Farley v. Seiser

Annotate this Case

316 N.W.2d 857 (1982)

Timothy FARLEY, Plaintiff, v. M. D. SEISER, Judge of the Second Judicial District of Iowa, and District Court Story County, at Nevada, Iowa, Defendants.

No. 66317.

Supreme Court of Iowa.

March 17, 1982.

Richard Karr of Karr, Karr & Karr, P. C., Webster City, for plaintiff.

John A. McClintock and Chester C. Woodburn III, of Hansen, McClintock & Riley, Des Moines, for defendants.

Considered en banc.

REYNOLDSON, Chief Justice.

In the malpractice action underlying this certiorari proceeding the defendants, a medical clinic and doctor, moved to take the discovery deposition of plaintiff's medical expert in Minnesota. They further requested that plaintiff be prevented from offering any portion of the deposition into evidence at trial and that defendants have sufficient time to study the deposition and confer with their attorneys and experts before being required to cross-examine the plaintiff's expert on deposition or at trial. Trial court's ruling sustained the motion, incorporated all the relief sought by the defendants, and provided the deposition could be taken by telephone conference. We granted plaintiff's petition for certiorari and now sustain the writ.

I. Plaintiff asserts trial court drew a distinction between "discovery" and "evidentiary" depositions by granting a protective order prohibiting plaintiff's use of the deposition at trial. This, plaintiff asserts, violates both Iowa Rule of Civil Procedure 144(c)[1] and our holding in Osborn v. Massey-Ferguson, *858 Inc., 290 N.W.2d 893, 897 (Iowa 1980).

In Osborn the plaintiff complained that defendant should not have been permitted to object at trial to plaintiff's reading of certain portions of a deposition the defendant took. Defendant countered that the deposition was intended only for discovery and, therefore, was inadmissible anyway. Responding to defendant's contention, we held:

We are unable to agree. There is no basis in law (Iowa Rules of Civil Procedure) or fact to support such a proposition. The Iowa Rules of Civil Procedure make no distinction between discovery depositions and depositions to be used at trial. Iowa R.Civ.P. 140-58. We are not concerned here with a deposition to perpetuate testimony under Iowa R.Civ.P. 159-66. The Court properly allowed the deposition into evidence under the authority of Iowa R.Civ.P. 144(c).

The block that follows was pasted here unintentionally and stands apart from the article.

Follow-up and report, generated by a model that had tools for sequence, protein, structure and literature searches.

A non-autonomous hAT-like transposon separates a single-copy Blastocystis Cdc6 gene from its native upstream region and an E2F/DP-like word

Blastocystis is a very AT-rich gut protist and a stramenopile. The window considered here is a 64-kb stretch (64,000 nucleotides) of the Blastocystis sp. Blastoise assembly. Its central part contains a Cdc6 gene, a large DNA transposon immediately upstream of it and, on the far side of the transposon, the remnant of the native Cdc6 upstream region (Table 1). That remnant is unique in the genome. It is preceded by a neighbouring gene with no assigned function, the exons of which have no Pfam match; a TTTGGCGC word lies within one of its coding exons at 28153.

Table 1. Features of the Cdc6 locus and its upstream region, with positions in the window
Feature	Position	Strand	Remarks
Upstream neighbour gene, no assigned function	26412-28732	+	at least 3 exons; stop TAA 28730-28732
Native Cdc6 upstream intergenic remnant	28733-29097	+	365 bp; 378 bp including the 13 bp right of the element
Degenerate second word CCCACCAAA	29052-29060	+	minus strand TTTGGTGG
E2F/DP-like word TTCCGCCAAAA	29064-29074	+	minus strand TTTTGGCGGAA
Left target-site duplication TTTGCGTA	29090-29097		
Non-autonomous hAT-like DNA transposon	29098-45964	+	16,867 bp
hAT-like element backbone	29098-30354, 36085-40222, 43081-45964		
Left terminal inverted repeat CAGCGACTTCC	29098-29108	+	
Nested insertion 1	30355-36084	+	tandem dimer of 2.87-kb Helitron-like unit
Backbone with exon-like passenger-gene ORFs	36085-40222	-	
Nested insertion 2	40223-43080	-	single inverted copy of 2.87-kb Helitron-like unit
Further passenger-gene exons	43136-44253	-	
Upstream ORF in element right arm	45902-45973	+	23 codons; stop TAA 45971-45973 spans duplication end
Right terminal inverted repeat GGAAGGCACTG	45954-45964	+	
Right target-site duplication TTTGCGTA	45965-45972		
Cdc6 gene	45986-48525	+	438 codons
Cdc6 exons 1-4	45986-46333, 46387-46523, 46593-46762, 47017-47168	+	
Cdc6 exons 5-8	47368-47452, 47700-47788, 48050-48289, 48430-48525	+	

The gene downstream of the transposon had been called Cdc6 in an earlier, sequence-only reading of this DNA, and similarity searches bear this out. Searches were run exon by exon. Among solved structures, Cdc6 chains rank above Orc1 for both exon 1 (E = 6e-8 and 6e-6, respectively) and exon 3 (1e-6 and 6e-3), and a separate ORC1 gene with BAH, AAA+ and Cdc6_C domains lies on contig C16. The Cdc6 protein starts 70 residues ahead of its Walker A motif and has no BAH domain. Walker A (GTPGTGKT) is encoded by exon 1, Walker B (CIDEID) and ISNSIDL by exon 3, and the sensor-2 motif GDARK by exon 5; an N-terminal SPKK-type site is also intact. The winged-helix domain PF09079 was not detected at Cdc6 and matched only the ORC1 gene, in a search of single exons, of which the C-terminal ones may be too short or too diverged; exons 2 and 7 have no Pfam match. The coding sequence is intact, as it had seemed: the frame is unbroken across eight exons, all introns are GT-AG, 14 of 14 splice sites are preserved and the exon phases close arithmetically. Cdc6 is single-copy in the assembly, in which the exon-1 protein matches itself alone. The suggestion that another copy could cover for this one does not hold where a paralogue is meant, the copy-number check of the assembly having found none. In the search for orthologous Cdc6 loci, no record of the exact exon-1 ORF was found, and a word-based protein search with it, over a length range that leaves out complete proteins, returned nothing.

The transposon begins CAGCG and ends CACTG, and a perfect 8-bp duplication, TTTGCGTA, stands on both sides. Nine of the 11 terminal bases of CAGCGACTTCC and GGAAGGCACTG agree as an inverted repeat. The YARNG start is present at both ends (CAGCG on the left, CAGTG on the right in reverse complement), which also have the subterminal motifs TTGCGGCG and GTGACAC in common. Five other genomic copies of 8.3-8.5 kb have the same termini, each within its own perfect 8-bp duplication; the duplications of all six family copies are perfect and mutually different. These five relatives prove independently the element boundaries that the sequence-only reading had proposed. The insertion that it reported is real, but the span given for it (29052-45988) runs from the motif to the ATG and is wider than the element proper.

Osborn, 290 N.W.2d at 897 (footnote omitted).

Counsel for trial court argue our decisions liberalizing admission of opinion testimony make cross-examination of the expert more important. Therefore, it is vital to know, before cross-examination, the expert's qualifications, the foundation facts furnished him or her, and his or her opinions and conclusions. Essential knowledge in these areas cannot be obtained, they assert, by written interrogatories. To cap the point, they set out the vague responses made by plaintiff in response to interrogatories designed to elicit this information. Counsel further argue the jury would be confused if the defense was required to object to its own deposition questions if the same were read into evidence at trial. They seek to distinguish Osborn on the bases that those parties stipulated when the deposition was taken that it could be read at trial, and that there was no motion for a protective order. Finally, counsel defends trial court's order here on the grounds that it was a permissible rule 123 protective order; that parties wishing to depose an out-of-state expert should not be "required" to do so "at their own peril"; and that permitting such a deposition to be placed in evidence would defeat the spirit of discovery.

Trial court, ruling on the motion for protective order, found that "[t]he Osborn decision does have a chilling effect on discovery unless a protective order is entered." It found further authority for its ruling in Iowa Rule of Civil Procedure 124, stating that rule "does contemplate that the Court may make orders as to the taking of depositions in sequence when that is appropriate."